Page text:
WASHINGTON, DC – U.S. Senators Bob Menendez (D-N.J.), a senior member of the Senate Finance Committee that sets national health policy, Cory Booker (D-N.J.), and Catherine Cortez Masto (D-Nev.) today led their Senate colleagues in introducing the bicameral Pursuing Equity in Mental Health Act
. This bill would address growing issues of suicide and mental health facing young people, particularly in socially and economically disadvantaged communities that have disproportionately faced disparities in access to mental health treatment and outcomes during the COVID-19 pandemic. 
 
The Pursuing Equity in Mental Health Act expands minority mental health access by supporting scientific research and increasing funding for existing federal programs. This legislation also provides grant funding over a period of five years to establish inter-professional health care teams at community health centers, rural health clinics, and behavioral health programs that predominantly serve people of color, and to develop cultural competency educational curricula for health professionals to help bridge the gap in racial and ethnic minority mental health disparities.
 
“If we, as elected officials, truly believe that today’s young people are the future of our great nation, then we must do everything in our power to address the unmet mental health challenges jeopardizing that future, especially in minority communities,” said Sen. Menendez. “This issue requires more than rhetoric; it demands decisive action. This legislation ensures that public health agencies prioritize tackling issues of mental health and suicide, as well as longstanding disparities that exist in mental health access for communities of color that continue to bear the disproportionate brunt of the COVID-19 pandemic. It is my sincere hope that together, with colleagues on both sides of the aisle, we can finally address this racial inequity in our mental health care system.” 
 
“The COVID-19 pandemic has both exposed and exacerbated the deep-seated disparities that Black and Brown communities face in access and outcomes related to all types of health care, including mental health care,” said Sen. Booker. “As we work to address and dismantle structural racial inequities in our health care system, we must prioritize expanding access to mental health care and services. The Mental Health Equity Act is an important step forward to ensuring that quality, affordable mental health care is accessible in and to every community.” 
 
“Ever since COVID-19 hit, Nevadans from every corner of our state have been talking to me about the mental health challenges that they and their families are facing—and students especially have suffered from the isolation of this pandemic,” said Sen. Cortez Masto. “Young people in our communities of color face unique challenges in accessing mental and behavioral health care, and we need to make sure they have access to the mental health support they need. I’ll continue working in the Senate to destigmatize mental health issues and make sure everyone in Nevada can get care if they’re struggling.”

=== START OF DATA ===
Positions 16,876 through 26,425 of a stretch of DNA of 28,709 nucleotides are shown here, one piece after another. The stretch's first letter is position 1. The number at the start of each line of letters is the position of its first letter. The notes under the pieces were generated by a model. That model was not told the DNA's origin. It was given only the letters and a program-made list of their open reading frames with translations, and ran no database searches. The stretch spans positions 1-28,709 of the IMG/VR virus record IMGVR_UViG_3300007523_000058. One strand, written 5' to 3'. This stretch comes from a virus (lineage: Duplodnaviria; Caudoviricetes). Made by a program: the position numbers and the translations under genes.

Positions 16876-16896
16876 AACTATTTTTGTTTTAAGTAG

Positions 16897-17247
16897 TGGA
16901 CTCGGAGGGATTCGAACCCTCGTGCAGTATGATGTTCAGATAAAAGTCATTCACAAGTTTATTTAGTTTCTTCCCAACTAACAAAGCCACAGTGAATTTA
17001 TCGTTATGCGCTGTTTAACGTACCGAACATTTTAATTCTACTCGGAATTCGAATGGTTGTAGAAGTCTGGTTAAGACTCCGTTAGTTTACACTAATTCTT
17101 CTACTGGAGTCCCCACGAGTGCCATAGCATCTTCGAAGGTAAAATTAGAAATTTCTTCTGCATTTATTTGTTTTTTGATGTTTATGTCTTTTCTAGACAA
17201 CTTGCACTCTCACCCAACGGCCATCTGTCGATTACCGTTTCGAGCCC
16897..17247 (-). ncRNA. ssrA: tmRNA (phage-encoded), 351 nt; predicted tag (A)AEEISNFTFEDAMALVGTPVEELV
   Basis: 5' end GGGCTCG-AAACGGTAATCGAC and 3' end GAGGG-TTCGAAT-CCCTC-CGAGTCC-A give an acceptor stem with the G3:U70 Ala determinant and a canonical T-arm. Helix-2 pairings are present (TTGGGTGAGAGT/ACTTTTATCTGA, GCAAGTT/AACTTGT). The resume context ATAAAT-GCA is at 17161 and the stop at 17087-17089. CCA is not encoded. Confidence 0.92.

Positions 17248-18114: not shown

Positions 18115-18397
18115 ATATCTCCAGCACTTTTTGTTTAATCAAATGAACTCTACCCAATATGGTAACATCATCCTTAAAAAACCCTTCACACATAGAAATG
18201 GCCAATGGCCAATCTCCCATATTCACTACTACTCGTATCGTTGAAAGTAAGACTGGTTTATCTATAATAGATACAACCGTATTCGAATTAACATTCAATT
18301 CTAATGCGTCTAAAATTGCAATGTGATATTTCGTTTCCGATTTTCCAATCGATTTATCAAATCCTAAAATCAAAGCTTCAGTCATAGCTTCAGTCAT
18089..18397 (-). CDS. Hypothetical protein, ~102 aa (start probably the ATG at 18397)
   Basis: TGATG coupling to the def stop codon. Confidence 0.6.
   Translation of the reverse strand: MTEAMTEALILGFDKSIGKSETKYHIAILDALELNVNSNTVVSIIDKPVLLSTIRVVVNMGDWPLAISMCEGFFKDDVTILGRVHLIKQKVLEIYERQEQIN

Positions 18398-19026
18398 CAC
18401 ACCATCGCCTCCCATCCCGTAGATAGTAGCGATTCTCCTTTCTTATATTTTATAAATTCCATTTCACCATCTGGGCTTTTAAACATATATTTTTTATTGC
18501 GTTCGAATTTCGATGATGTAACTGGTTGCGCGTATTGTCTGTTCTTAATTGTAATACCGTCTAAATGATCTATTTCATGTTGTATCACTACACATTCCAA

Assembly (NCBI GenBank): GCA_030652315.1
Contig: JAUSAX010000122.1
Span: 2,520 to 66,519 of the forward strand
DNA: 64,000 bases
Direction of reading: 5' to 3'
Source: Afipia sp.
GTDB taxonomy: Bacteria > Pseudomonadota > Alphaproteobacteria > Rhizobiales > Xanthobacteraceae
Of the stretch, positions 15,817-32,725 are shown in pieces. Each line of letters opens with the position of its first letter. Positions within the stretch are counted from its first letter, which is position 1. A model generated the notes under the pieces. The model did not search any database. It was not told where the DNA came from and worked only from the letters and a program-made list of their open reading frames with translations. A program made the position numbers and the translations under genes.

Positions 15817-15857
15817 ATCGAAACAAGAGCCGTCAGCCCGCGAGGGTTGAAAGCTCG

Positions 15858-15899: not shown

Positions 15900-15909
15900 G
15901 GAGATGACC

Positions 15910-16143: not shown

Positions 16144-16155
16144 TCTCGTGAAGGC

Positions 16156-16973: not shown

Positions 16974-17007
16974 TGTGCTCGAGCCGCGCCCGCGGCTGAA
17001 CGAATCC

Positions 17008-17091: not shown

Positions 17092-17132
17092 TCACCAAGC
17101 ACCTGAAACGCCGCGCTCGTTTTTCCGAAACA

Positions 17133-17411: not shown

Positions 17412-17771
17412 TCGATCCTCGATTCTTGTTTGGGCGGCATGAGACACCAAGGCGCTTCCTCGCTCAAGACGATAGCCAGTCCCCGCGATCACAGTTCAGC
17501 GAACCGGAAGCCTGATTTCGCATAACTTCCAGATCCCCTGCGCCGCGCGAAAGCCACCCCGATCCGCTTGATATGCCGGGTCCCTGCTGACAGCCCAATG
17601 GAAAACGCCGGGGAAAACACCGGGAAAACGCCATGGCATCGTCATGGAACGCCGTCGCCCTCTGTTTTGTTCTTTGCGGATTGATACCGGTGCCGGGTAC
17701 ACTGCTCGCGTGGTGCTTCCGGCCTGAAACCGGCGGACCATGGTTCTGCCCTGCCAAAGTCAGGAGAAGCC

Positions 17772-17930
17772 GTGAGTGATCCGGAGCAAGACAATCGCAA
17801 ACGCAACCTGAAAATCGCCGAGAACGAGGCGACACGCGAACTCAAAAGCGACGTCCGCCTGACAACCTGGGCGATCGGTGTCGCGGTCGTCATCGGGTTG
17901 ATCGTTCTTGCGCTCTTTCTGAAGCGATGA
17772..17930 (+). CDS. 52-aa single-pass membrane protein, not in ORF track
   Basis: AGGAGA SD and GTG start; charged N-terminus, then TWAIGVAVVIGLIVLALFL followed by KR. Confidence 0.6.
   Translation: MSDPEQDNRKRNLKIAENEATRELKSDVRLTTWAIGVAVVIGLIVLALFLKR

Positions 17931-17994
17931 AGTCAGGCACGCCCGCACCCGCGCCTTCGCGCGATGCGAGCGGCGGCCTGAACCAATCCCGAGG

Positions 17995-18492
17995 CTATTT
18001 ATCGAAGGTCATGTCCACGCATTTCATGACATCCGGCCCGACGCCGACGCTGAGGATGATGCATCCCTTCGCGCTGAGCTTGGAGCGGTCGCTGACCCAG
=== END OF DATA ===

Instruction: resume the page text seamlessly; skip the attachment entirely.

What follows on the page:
In the Senate, the bill has been cosponsored by Sens. Tom Carper (D-Del.), Tina Smith (D-Minn.), Michael Bennet (D-Colo), Richard Blumenthal (D-Conn.), Alex Padilla (D-Calif.), Elizabeth Warren (D-Mass.), Ben Ray Lujan (D-N.M.), and Chris Murphy (D-Conn.).
  
“Amidst a pandemic that has upended school and social lives across the country, it has never been more critical to ensure communities have the resources needed to help young people struggling with mental illness,” said Sen. Carper. “This legislation will expand access to mental health services and provide robust funding for research on youth mental health disparities. I’m proud to join my colleagues in introducing this bill that will directly support the critical work being done at Delaware’s Federally Qualified Health Centers, including Westside, La Red and Henrietta Johnson. I want to thank Senator Menendez for his work and leadership on this vital issue.”
 
"The mental health care disparities for communities of color in this country are shameful, and the COVID-19 public health and economic crisis has only exacerbated them,” said Sen. Bennet. “We need to improve access to mental and behavioral health treatment and resources for communities of color in Colorado and across the country, and I'll work with my colleagues to get this critical bill across the finish line."
 
“This important bill brings us closer to ensuring every American has access to affordable mental health care,” said Sen. Blumenthal. “Access to this essential service is critical, but too often out of reach for communities of color and low-income Americans. Bolstering availability of affordable mental health care must be of the highest priority, especially as our country recovers from this health and economic crisis.”
 
“Too many young people—especially in communities of color—face barriers in accessing mental health care,” said Sen. Padilla. “As we work to recover from the COVID-19 pandemic and address health care inequities, we need to also bridge the gap in racial and ethnic minority mental health disparities. Improving access to mental health care for our young people, and all who need it, must be a national priority.”
 
“New Mexicans deserve access to quality, affordable mental health care. This Mental Health Awareness Month, I’m proud to introduce the Pursuing Equity in Mental Health Act to tackle the inequities in mental health care experienced by communities of color and exacerbated by the COVID-19 pandemic,” said Sen. Luján. “Mental health care is essential and life-saving, and I’ll continue working to ensure that New Mexicans from all walks of life can access these services.”
 
This bill was developed in response to the Congressional Black Caucus’s (CBC) report on racial disparities in mental health care, and is the Senate companion to Representatives Bonnie Watson Coleman (D-N.J.-12) and John Katko’s (R-N.Y.-24) Pursuing Equity in Mental Health Act, which passed nearly two weeks ago in the House of Representatives.